Confession time: when my natural self encounters offense, the best idea seems to stay hacked off.  I don't want to forgive, forget and make peace.  I want to sit in my "rightness" and let them suffer in their "wrongness," even taking it as far as I can to make sure they know how right I am (and, of course, how wrong they are.)

Taking the idea beyond normal, every day offenses, when you are talking like this lady on the radio was, about grievous sins, such as physical and emotional abuse and molestation, well....people should pay.  That is fair, especially when it is children bearing their offense.  Justice needs to be done; and who better than I to inflict it on those who need to be judged? 

But wait, did Jesus mean to be peace-makers in only the ordinary stuff?  That seems doable, but the bigger stuff, let's just string them all up!  Get a rope!

No, the Lord never stopped there.  In all things, we are not to try and keep peace or to take matters into our own hands.  We are to make peace, through His power and for His glory.

The Lord knows if He gave us the opportunity to avenge wrongs, we would scorch the earth.  The Almighty is the only one capable of vengeance because He knows the entire back-story.  Only He has the perspective required to deal justly with all of us because we've incurred just as many debts as our debtors, even if ours might are less obvious to the naked eye.

So - what's to be done?  How do we make peace?  Peace-making, stripped down to the bare bones, is an attitude of the heart.  Back again to forgiveness (that's always the beginning.)  Forgiveness ushers in a change of atmosphere like nothing else.  I've experienced this first hand.  Let me take you back about 8 years and walk you through a true story...

I was in the midst of a heavy learning curve on how to walk with Jesus on top of the shark-infested waters of corporate America (no easy task and I sank more often than not).  There was an incident I was involved in with a man on my sales team.  We were at an off-site conference when he confronted me, beginning with the words, "Let me finally tell you what I think about you."  I did not respond well.  Lots of people saw (and heard) the whole ugly business, which led to HR telling our bosses to get it resolved or they would.  I was (more or less) in the right and he in the wrong.  Did I mention we were on the same sales team?

For two weeks following "The Incident with Amy and John," management put in a sub to work with me so I could keep my sales pipeline going.  It was sublime.  But this was only temporary. The resolve came at a scheduled "sit down," so we could air our grievances and hopefully get on with the business of selling software together.  I will be totally transparent, I had no intention of forgiving this man.  He'd embarrassed me on a number of occasions, including in front of customers and he was flat out not doing his job.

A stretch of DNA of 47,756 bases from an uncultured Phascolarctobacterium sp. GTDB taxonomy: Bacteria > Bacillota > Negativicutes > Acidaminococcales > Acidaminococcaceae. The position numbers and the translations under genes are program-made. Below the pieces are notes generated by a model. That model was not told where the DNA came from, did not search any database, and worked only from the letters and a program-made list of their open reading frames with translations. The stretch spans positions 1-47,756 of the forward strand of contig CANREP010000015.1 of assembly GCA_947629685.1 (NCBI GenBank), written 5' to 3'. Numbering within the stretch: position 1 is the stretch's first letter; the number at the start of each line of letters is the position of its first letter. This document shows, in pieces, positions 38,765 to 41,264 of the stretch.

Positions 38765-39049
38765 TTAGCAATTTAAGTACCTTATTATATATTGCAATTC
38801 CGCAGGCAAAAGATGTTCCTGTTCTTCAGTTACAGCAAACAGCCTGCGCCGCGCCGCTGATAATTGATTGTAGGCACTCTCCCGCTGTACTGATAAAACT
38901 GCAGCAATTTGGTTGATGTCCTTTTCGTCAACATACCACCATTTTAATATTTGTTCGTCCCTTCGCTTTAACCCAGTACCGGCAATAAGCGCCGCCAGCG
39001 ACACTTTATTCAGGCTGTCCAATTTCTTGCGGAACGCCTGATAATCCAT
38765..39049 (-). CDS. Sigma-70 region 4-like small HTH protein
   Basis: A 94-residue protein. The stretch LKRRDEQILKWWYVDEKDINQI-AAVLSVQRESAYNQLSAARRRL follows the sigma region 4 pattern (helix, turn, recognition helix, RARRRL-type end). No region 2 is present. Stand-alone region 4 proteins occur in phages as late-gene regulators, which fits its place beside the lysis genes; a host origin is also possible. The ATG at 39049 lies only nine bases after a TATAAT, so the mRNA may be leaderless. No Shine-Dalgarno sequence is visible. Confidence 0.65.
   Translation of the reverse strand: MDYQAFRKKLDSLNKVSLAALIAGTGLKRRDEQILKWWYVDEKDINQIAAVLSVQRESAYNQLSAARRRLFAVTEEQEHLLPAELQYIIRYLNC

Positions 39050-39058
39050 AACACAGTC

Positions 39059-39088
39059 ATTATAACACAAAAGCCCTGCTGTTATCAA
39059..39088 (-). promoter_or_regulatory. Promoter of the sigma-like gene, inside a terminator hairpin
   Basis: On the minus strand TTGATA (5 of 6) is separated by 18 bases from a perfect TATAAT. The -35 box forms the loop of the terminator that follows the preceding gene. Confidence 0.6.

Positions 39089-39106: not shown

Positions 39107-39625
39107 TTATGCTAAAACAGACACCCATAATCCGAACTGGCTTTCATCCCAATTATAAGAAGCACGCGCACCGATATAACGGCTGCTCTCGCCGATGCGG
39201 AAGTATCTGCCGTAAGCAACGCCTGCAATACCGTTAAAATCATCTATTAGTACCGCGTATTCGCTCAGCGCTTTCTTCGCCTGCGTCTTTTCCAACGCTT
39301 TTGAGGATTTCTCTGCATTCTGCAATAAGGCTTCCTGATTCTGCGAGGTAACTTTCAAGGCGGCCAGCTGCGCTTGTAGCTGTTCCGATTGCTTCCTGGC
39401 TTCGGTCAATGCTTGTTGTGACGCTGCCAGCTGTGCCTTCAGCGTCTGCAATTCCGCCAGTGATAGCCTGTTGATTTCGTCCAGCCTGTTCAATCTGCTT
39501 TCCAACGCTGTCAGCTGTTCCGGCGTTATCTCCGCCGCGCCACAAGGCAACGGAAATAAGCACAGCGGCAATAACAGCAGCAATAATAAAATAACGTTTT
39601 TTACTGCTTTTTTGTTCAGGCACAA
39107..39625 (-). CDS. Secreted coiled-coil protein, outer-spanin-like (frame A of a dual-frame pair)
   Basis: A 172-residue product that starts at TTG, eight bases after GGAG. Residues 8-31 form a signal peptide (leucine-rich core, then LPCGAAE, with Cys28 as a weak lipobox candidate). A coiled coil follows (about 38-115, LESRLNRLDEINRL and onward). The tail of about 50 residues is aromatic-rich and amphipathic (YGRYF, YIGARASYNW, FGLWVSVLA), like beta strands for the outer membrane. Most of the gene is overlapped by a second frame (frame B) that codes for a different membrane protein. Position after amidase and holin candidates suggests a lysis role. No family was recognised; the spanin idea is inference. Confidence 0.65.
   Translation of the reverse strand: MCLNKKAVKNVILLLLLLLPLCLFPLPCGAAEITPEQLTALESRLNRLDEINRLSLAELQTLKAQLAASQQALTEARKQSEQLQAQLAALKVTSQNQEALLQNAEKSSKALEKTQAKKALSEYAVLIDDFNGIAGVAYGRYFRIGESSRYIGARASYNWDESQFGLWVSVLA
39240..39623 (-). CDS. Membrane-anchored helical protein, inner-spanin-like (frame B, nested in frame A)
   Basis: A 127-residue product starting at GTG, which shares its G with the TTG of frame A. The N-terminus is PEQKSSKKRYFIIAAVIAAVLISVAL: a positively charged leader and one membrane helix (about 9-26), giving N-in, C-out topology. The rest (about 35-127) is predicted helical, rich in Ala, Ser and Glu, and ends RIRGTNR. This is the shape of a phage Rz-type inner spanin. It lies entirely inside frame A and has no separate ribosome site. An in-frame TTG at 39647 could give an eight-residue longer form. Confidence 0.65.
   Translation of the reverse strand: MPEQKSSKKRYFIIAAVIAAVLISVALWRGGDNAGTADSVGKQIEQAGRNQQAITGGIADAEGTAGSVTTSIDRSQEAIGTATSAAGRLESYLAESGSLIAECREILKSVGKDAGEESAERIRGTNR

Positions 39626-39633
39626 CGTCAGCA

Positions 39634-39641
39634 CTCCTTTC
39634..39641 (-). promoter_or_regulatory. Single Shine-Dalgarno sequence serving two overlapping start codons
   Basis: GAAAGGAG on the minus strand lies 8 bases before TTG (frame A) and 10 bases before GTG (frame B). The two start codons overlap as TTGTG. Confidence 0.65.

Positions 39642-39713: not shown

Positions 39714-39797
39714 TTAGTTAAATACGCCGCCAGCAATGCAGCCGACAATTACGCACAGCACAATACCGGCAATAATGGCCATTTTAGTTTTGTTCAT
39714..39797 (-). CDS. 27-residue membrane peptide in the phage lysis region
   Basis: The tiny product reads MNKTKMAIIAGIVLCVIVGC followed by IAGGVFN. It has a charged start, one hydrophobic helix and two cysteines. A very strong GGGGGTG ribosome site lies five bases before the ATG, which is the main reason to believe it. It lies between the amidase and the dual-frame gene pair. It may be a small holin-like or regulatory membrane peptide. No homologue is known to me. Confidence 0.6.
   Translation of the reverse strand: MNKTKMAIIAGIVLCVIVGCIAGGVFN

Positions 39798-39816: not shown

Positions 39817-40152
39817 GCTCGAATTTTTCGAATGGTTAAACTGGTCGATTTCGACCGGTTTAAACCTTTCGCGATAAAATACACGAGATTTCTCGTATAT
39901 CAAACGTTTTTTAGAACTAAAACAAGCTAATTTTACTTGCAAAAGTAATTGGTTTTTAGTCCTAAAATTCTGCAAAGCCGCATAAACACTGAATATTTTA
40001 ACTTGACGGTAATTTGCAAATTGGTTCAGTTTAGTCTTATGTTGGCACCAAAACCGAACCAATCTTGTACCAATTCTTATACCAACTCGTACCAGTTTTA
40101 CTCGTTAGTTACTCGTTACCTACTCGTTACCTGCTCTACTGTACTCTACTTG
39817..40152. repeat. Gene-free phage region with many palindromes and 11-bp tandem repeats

With "The Incident," I would have been justified in pursuing an HR complaint that lead to his reassignment at the very least, or worse, his firing.

But this verse from Matthew 5:9, haunted me for for 2 long, uncomfortable weeks.  The Word kept working its way in, separating bone from marrow.  As the time for the meeting got closer, my heart got softer.  It dawned on me there was another way to go about this.  I had no idea what that was (I repeat NO IDEA) till one day when the thought took hold:

Forgive him, Amy,

WHAT?? NO WAY!! Not.going.to.do.it. That's nuts.

Still, if you've ever encountered "The Hound of Heaven," you will know what I mean when I say He chased me down till I gave up.  Or I gave in.  Either way, held my hands up and said, "Ok, God, I surrender.  I'm going to look like an idiot, but ok, I'll forgive him."

(By the way, that's the risk of being a peace-maker.  You might come off as an idiot.)

The day of the meeting came and we sat down on opposite sides of a conference room, each with our bosses flanking us.  The tension in the room was ridiculous.  I have never been more uncomfortable and able to almost touch the discomfort of others.  No one volunteered to go first, so my boss (thanks Jim) flipped a coin.  Heads I would go first, tails it would be John.

You know what happened.  It landed undoubtedly heads up.  You go, Amy. Don't be afraid and just speak it. I opened my mouth and simply said, "John, I forgive you.  Please forgive me."